In April 2014, 14-year-old Endia Martin was shot and killed by another girl in a fight over a boy. Endia and Lamon were best friends.

The girl’s death took the teen’s world into a violent spiral.

“It was real hard to deal with her death,” Lamon said.

On most days, Lamon cried. On other days, he flipped over tables at school, knocked over computers and fought.

Endia died during Lamon’s freshman year at Chicago Vocational Career Academy.

“He was very distraught by it,” Wilson said. “He couldn’t understand how a life so young could go so quick over a disagreement or simple things.”

During his sophomore year, Lamon got kicked out for fighting during biology class. He said he plans to sign up for a nighttime GED program soon.

Though getting kicked out of school might seem like the end of the world to many teens and their families, Lamon focuses on the positive: He has more time for activism.



Before the the city released the Laquan McDonald video, Lamon identified with several nonprofit and activist organizations, including Chicago Freedom School and SMAC — Student Movement Against Cuts.

The footage of McDonald’s death led him to the streets as a protester with groups like Stop Mass Incarceration.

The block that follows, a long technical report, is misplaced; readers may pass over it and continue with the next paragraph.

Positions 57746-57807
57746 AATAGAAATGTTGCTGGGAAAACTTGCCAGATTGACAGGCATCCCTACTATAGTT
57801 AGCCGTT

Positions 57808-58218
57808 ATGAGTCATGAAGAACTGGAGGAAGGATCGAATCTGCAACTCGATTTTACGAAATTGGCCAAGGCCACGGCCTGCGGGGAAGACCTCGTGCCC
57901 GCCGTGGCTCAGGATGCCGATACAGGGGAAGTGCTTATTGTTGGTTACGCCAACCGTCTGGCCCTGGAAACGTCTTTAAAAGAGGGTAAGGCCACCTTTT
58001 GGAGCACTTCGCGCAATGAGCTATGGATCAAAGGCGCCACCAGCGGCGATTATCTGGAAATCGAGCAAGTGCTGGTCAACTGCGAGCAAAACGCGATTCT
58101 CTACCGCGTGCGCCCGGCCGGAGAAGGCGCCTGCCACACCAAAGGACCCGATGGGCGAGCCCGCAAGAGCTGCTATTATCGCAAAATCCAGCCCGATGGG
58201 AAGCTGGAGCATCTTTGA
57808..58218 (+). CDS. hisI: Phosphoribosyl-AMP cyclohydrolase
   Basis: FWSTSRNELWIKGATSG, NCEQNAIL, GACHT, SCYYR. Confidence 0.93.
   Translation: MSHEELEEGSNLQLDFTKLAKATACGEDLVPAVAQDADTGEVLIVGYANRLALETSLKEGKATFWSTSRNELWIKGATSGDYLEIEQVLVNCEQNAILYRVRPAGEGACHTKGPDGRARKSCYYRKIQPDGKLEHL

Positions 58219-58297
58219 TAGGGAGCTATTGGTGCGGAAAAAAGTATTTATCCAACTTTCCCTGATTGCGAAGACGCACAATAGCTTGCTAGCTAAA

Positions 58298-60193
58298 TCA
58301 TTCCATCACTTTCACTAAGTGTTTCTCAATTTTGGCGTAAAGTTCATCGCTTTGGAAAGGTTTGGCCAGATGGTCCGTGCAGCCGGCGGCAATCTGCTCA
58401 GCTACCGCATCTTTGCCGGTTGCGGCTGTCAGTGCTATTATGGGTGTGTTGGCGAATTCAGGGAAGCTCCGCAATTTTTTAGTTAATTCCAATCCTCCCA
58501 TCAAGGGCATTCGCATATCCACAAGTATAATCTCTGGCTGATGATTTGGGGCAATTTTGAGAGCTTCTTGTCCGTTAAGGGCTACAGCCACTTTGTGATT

“That could be me laying on the ground,” Lamon said. “I could have been in Laquan’s shoes."

Lamon said he wants to start his own community organization.

“I’ve got the knowledge, I’ve got the experience, I’ve got the education," he said, "so that’s what I’m about ready to do.”

He certainly has an audience behind him now.

DNAinfo/Kelly Bauer

In the days after Lamon’s face showed up in protest photographs, people asked for his phone number and wanted pictures taken with him. Others asked him to talk some sense into their troubled children, inspire them to do some good.

“I’m not all about the fame,” Lamon said. “But it is what it is.”

On Wednesday morning, more than a week after the city released the dash-cam video of McDonald's death, Lamon accompanied his cousin to enroll her kid at a preschool in Chatham.

Before long, local folks recognized his face from the TV, asking, "Are you that boy?"

“Staring down the police?” Lamon asked one woman who thought he looked familiar. “Yeah, that was me — all over the news.”

Lamon thanked the woman and laughed.

At the end of the day, he’s a South Side teenager with big dreams.

Lamon said he sees politics in his future: Maybe he'll run for mayor so he can inspire kids who have to grow up in a world without heroes — just like he did.

“I never had that one person,” Lamon said. “I never had that experience. Nobody’s my hero. Nobody’s my role model. I’m trying to create my own image of a role model.”